But my words like silent raindrops fell
    And echoed in the wells of silence : Simon & Garfunkel


    Those who enjoy stirring the chamber-pot should be required to lick the spoon.

    Our job as writers is to make readers dream, to infiltrate their minds with our words and create a new reality; a reality not theirs, and not ours, but a new, unique combination of both.

    Visit Amazon and the Kindle Store to check out Reflections in a Black Mirror, and Chase

    Hidden Content






  6. #26
    Quote Originally Posted by Terry D View Post
    I don't consider which vs that a detail, any more than I consider the proper use of to vs too vs two, or their vs there, details. I'm not saying I get it right every time, or that I'm going to go running to Grammar Girl for each which/that decision, but, at some point in the editing process I will do what it takes to get it right. If I don't, I'm giving myself permission to be sloppy, and I hate sloppy writing even if the story is good. I learned a long time ago that one's highest level of performance will be exactly equal to his/her minimum expectations. But that's just me.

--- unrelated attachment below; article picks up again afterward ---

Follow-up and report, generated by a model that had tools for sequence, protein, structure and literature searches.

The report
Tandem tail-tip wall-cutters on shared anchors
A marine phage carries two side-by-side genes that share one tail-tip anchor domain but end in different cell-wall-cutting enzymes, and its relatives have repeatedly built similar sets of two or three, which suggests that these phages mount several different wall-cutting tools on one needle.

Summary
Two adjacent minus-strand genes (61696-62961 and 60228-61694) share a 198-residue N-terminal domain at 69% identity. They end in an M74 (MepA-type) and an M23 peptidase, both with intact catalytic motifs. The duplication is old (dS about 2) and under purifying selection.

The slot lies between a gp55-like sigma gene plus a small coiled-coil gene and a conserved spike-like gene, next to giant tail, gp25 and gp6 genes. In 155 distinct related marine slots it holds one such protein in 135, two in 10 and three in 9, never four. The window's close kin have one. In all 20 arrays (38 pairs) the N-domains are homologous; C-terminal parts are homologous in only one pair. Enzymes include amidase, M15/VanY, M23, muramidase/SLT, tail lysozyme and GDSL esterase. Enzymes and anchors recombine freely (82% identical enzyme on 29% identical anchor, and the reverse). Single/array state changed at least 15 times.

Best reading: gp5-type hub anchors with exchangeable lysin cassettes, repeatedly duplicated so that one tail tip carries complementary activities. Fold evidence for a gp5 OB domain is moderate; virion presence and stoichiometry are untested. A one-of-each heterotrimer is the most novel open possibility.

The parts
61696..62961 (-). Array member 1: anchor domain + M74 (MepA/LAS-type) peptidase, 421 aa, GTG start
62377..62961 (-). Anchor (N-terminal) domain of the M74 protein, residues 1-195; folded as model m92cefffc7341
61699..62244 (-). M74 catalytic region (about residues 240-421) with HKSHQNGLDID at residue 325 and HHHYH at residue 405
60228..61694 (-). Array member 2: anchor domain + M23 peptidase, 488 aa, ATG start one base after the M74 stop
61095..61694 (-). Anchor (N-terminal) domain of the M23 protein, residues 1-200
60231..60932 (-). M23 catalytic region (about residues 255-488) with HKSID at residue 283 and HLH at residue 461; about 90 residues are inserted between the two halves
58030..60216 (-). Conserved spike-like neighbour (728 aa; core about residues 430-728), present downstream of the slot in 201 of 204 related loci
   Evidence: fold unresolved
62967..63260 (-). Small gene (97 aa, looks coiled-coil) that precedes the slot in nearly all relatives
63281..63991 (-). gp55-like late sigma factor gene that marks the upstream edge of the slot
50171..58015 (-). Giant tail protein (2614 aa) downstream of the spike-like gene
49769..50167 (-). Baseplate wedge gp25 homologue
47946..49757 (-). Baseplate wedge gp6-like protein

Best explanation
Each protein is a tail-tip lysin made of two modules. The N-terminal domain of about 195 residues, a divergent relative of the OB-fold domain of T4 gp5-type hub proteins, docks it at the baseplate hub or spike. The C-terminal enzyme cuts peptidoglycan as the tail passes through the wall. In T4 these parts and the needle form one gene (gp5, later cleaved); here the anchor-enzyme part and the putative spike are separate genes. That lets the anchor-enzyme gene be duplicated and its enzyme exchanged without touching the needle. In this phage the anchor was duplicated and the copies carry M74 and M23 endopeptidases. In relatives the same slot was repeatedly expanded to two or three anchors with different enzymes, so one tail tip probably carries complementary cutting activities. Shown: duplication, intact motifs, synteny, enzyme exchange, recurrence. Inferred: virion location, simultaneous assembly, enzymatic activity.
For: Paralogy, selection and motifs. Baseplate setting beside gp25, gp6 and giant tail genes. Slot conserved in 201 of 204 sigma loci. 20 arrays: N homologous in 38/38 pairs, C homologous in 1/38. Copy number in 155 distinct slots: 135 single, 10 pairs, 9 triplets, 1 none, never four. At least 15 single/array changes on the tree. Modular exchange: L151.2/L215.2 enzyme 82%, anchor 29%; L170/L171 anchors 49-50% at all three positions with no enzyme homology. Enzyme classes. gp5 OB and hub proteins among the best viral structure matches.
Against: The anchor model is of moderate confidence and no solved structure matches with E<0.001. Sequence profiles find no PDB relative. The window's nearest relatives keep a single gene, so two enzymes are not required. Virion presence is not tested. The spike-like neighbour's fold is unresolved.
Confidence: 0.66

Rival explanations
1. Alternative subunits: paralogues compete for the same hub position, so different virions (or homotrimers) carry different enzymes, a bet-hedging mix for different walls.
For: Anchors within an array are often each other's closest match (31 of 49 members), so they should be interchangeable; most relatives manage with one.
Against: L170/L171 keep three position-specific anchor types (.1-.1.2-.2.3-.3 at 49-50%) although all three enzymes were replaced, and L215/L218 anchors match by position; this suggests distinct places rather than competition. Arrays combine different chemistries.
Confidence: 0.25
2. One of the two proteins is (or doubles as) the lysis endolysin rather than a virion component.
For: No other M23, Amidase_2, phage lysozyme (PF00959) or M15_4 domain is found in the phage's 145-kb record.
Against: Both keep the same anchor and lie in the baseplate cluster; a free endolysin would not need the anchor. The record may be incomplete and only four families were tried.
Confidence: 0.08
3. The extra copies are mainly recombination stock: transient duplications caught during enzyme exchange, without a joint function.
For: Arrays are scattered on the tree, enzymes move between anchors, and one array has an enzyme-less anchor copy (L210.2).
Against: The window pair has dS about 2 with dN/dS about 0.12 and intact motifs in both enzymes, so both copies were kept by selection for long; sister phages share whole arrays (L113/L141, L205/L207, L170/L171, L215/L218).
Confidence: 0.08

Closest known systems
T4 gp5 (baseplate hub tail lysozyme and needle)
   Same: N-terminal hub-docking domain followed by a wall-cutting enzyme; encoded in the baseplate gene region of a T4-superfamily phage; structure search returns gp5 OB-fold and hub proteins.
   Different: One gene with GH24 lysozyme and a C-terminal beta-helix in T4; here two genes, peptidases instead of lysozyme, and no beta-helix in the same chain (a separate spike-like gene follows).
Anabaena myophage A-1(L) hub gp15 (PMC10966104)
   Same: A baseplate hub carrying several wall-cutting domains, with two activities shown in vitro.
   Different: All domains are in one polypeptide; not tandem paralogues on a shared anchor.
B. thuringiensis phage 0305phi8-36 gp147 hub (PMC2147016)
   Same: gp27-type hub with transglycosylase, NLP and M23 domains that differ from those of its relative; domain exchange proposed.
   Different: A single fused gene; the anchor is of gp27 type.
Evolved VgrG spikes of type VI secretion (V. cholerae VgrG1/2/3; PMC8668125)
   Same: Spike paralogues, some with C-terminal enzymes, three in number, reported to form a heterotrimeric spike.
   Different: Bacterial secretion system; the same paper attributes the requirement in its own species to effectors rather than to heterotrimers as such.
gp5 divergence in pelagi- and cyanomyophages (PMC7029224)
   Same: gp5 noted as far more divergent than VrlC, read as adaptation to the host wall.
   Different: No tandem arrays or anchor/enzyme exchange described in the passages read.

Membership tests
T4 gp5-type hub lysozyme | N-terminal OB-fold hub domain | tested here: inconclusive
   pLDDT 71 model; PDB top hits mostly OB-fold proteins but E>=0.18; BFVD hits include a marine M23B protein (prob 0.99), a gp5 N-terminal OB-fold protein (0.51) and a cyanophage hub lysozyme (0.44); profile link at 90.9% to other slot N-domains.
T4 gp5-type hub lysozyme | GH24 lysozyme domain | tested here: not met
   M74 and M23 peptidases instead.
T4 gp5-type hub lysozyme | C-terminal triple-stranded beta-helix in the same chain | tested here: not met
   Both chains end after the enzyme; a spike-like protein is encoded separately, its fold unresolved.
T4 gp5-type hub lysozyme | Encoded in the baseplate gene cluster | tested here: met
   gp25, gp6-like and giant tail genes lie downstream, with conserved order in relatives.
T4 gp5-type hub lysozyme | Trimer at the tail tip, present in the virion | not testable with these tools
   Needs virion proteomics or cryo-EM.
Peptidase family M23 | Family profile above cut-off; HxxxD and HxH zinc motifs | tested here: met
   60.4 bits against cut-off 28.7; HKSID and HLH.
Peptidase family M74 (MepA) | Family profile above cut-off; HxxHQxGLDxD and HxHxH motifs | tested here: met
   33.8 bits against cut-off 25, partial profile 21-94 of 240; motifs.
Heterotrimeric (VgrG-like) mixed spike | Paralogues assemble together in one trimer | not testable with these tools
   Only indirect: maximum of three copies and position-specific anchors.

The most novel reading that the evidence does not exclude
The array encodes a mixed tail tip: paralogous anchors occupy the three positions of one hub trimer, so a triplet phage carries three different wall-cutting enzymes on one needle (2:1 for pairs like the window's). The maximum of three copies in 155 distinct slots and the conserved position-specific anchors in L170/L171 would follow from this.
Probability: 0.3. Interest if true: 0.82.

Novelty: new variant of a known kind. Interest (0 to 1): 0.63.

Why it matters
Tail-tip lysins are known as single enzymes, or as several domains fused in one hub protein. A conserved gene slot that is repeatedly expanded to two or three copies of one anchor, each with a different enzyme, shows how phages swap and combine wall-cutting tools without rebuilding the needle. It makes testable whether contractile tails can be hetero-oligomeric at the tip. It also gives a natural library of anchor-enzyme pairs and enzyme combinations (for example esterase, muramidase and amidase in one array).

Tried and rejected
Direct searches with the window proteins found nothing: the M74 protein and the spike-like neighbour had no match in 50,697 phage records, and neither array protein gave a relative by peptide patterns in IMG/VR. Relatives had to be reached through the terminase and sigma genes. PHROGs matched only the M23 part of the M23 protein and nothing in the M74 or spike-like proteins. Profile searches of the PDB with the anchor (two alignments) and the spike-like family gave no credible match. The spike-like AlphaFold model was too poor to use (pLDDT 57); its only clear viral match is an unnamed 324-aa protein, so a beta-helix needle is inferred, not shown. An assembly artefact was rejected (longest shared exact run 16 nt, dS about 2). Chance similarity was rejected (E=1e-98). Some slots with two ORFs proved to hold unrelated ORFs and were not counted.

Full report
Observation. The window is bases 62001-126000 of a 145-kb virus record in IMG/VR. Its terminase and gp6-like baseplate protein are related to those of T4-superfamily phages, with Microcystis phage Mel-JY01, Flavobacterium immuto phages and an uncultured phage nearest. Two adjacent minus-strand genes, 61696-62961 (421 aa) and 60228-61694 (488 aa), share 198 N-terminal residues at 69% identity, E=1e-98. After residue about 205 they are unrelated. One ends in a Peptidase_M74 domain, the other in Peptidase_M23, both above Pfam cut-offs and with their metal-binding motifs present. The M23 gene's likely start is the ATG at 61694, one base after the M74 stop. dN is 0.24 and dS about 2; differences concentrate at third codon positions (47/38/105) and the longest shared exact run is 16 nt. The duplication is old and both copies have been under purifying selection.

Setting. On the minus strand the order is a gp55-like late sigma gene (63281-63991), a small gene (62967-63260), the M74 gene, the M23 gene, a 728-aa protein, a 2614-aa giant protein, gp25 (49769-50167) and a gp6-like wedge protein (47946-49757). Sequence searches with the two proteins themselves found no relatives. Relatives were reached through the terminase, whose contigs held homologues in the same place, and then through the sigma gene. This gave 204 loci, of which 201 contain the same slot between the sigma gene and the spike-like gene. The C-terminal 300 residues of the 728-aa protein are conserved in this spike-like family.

And me too. My writing as good as I can make it down to the last bit of grammar, or nobody reads it. I hate when anyone sees something wrong with my writing. I'm always scouring my website for any errors on my part. I don't mind if others write to me with errors, but I do my absolute best not to include any errors in my own writing. Even if most readers would probably not catch an error, I would, and it's not going to exist in my writing if I can help it.